Sue’s words highlight the profound difference this made: “GAH not only saved our husband but saved me, our daughter, our marriage, and our family.” The quick response, and the barrier-free access to care, transformed Sue’s life and her family’s trajectory.
Breaking Barriers and Bridging the Gap
But Sue’s relationship with Give an Hour didn’t end after her therapy. She continued her healing journey by joining Give an Hour as a wellness ambassador. By participating in peer support training, suicide prevention training, and more, she’s now advocating for mental health and helping others find their path to healing. Her choice to seek care paved the way for others to do the same. She shares, “You are not weak if you ask for help. My husband is one of the strongest people I know, and he seemed the strongest to me when he said, I can’t do this on my own, and asked for help through Give an Hour. Never have I been more proud of him.”
Sue understands all too well the devastating impact of not receiving care. Tearfully, she recounts the recent loss of her cousin due to mental health, “We lose too many! I lost my cousin a few weeks ago. This was a cousin who served in the military and who was a veteran. A cousin who was struggling with civilian life and other things. This was someone I wish so deeply I could have had the chance to talk about Give an Hour. I wish I had known his wife, so I could tell her she didn’t have to go through this alone. This scenario, and losing him, could have been me in 2002.” She implores others with heartfelt emotion: “I just want you to understand that you are not alone. We saved our daughter, who is bipolar and had suicidal thoughts. We saved our son, who is going through things right now. And because of what I went through with his dad, I am in a position to help my son.”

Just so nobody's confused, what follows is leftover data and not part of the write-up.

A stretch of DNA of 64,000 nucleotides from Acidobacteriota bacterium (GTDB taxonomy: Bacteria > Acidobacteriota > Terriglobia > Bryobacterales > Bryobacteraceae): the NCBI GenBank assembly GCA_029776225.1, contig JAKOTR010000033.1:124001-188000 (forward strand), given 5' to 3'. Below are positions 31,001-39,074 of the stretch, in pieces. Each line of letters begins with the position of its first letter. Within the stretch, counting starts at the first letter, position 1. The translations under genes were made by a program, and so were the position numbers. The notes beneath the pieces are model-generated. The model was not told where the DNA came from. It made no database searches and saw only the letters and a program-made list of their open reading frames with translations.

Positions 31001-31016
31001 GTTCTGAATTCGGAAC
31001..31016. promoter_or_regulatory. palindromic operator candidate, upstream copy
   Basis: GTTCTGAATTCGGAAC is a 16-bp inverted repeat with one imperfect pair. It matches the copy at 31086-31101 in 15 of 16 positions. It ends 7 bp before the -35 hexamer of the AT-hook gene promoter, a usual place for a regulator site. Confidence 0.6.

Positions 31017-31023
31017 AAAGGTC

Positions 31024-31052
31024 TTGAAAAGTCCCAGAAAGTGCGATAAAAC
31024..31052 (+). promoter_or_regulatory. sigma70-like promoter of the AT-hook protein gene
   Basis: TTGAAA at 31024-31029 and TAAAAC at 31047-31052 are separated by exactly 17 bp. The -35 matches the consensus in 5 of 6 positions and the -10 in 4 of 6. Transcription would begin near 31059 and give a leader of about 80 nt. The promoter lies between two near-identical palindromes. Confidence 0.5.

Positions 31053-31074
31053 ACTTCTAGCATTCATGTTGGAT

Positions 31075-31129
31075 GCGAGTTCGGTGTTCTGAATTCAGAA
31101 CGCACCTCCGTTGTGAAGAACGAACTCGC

Her words echo the pain of countless families, and her plea underscores the urgency: “Let Give an Hour give you the tools for your toolbox so you can get through the trauma. You can have good mental health. Your family can experience more positives than negatives. Getting help is not a sign of weakness; it shows you are strong and that you and your family are a priority.”
Continuing a Legacy of Care
Hearing Sue’s story is not just an account of personal struggle; it’s a testament to the profound impact of the work we do. It is in the raw honesty of her voice that we find the most compelling call to action. Many grapple with internal battles, afraid to seek help due to the barriers they face, both internal and external. But, in supporting and empowering individuals like Sue, we’re not only aiding one person – we’re igniting a chain reaction. With every life we touch, we equip many more to become a beacon of hope and strength, to guide and support those still in the shadows. Sue’s voice, and others like hers, become the rallying cries that instigate meaningful change, one life at a time.
At Give an Hour, we provide timely and barrier-free mental health support to all service-connected individuals. This includes active duty, reserve, veterans, and their loved ones. Stories like Sue’s are a testament to the transformative power of getting the right help at the right time. To learn more about our services or to seek help, visit: www.giveanhour.org/help